Precision medicine aims to deliver personalized treatment based on an individual’s genetics, environment and lifestyle. This approach depends on researchers’ ability to study DNA from people with and without clinical conditions. Often, clinical visits provide the perfect opportunity to collect those genetic samples. The National Institutes of Health has conducted a four-year study to harmonize and standardize clinical genetic reporting. The results are published online in the American Journal of Human Genetics.
The work of the NIH’s Electronic Medical Records and Genomics (eMERGE III) program coordinated activities at 11 clinical participant enrollment sites with two sequencing centers and a coordinating center to analyze the DNA of more than 25,000 participants enrolled through biobank programs. The Baylor College of Medicine Human Genome Sequencing Center was one of two Centralized Sequencing and Genotyping (CSG) Facilities, and performed the data generation, analysis and clinical data reporting for more than 14,500 of the 25,000 participants, in this phase of the program.
Other participating clinical sites included Brigham and Women's Hospital with Massachusetts General Hospital, Cincinnati Children's Hospital Medical Center, Boston Children's Hospital, Children's Hospital of Philadelphia, Columbia University, Geisinger; Kaiser Permanente Washington, Mayo Clinic, Meharry Medical College, Mount Sinai School of Medicine, Northwestern University and Vanderbilt University. The second CSG was at the Broad Institute, with Partners Laboratory for Molecular Medicine. The eMERGE Coordinating Center is at Vanderbilt University and the University of Washington in Seattle.
“Together with our colleagues in the eMERGE III Network we have built a roadmap for coordination of future efforts in precision medicine,” said Dr. Richard Gibbs, study author and director of theHuman Genome Sequencing Center and professor of molecular and human genetics at Baylor College of Medicine. “All of the steps, from consenting individual participants, extracting DNA, sequencing, interpreting and returning clinical data, were coordinated and finessed.”
Participants consented to submitting a blood sample at clinical sites. Their DNA was then sequenced using a custom gene-capture panel. The work was carried out in CAP- and CLIA-accredited laboratories, and the interpreted data was returned to the participants through their physician caregivers.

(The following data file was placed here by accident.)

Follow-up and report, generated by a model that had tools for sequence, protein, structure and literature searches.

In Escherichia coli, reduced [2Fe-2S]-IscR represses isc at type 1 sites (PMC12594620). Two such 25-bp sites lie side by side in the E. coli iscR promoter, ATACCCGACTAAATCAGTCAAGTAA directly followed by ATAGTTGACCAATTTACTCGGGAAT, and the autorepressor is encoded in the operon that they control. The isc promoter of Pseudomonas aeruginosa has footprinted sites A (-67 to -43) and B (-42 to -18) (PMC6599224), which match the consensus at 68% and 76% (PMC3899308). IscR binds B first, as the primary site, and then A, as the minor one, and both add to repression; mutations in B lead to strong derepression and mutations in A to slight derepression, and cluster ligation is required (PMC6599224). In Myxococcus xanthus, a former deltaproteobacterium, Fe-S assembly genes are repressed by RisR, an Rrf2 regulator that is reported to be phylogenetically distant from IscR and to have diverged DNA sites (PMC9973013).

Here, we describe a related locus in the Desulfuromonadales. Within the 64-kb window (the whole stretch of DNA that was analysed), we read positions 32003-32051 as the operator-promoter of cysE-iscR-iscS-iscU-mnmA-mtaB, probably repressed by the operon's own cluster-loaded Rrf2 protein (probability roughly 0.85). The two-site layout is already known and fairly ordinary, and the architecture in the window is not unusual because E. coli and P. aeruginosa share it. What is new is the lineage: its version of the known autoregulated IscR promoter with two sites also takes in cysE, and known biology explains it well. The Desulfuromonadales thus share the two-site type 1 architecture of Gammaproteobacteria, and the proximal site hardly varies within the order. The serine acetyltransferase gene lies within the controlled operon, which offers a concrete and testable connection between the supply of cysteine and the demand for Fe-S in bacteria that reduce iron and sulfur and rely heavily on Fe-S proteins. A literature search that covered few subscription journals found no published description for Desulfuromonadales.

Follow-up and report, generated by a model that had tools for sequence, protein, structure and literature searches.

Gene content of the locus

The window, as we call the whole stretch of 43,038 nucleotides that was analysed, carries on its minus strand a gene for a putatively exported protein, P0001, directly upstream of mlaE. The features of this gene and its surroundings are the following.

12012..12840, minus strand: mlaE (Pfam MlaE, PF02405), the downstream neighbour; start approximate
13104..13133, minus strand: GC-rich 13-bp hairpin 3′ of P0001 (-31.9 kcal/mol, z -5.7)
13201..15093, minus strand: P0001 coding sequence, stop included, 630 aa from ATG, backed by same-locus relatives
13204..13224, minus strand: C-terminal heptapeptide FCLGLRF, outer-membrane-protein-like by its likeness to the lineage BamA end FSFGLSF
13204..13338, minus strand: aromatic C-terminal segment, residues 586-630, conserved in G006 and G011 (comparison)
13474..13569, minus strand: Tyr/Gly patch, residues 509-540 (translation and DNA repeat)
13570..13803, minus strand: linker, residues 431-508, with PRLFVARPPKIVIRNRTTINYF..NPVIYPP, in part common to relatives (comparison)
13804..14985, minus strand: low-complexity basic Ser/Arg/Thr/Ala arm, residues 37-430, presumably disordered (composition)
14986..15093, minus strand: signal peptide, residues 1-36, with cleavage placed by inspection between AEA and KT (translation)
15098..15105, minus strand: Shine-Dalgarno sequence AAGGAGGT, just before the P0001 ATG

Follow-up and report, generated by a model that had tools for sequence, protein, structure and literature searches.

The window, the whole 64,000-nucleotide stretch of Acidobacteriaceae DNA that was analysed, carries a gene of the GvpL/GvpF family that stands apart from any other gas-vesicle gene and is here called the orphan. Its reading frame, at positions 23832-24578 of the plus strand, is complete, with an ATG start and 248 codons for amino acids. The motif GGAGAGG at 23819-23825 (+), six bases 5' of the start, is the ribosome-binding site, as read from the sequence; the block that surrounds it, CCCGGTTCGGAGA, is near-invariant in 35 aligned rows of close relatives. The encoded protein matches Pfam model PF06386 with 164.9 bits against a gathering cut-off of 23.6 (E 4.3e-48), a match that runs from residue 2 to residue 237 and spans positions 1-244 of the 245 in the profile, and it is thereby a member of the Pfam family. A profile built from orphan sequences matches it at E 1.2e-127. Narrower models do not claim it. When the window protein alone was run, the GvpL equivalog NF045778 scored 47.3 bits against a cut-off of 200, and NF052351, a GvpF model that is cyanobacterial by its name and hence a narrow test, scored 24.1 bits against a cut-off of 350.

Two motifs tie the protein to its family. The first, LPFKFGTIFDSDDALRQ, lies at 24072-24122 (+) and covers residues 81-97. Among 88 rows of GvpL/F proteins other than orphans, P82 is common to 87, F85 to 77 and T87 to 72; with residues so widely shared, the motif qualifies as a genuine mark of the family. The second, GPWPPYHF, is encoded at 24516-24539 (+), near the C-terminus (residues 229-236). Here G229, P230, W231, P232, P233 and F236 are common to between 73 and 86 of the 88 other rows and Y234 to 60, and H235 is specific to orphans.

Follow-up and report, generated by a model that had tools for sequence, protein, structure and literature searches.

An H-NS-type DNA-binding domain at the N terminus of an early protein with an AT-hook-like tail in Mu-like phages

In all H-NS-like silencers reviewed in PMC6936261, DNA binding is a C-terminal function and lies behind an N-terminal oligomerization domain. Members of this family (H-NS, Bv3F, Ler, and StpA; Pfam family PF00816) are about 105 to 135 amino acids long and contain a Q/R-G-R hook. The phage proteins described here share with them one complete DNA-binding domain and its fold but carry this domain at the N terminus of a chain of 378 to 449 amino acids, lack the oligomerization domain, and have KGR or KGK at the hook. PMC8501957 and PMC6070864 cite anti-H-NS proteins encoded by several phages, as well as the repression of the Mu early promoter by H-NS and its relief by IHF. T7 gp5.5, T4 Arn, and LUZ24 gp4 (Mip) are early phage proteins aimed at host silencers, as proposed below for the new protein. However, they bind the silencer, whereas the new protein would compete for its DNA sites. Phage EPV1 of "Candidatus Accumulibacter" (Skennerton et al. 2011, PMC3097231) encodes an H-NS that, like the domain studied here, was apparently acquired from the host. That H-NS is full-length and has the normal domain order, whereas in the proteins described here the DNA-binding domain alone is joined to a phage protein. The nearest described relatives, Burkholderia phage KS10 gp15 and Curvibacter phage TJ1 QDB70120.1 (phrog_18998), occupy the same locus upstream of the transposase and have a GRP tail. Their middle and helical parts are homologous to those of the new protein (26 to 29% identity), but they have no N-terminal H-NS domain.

The study found that approximately 200 of the 25,000 eMERGE participants required return of genetic results for the reasons given when they first enrolled for testing. In addition, there were nearly 1,300 instances where additional genetic findings unrelated to existing health conditions also were deemed reportable. These trends were consistent across the network.
“This work was made possible by developing an automated clinical reporting system, which enabled high-throughput genomic variant interpretation and report generation for the 14,500 participants served by the Baylor HGSC,” Eric Venner, study author and assistant professor at the Human Genome Sequencing Center at Baylor, said.
An important component of the study was balancing the demand for research access to the genetic data with the strict requirements for privacy when returning results to patients in a clinical setting. Researchers created new methods for shielding sensitive, personal data and facilitated large-scale data analysis and access to de-identified results.
“A major achievement here was the incorporation of genetic testing results into the medical record, which unfortunately has been a major roadblock until now. With the rate of actionable findings found here, this strongly supports the need for wider application of precision medicine efforts like eMERGE,” said Dr. David Murdock, assistant professor of molecular and human genetics and assistant director of the Human Genome Sequencing Center clinical lab at Baylor.
The methods built by the eMERGE III Network are now foundational for new projects joining precision medicine to health research, and ultimately clinical care.
“This collaborative study represents a significant step forward in global standardization of the analytical and reporting aspects of genetic testing,” said Donna Muzny, study author and assistant professor at the Human Genome Sequencing Center at Baylor.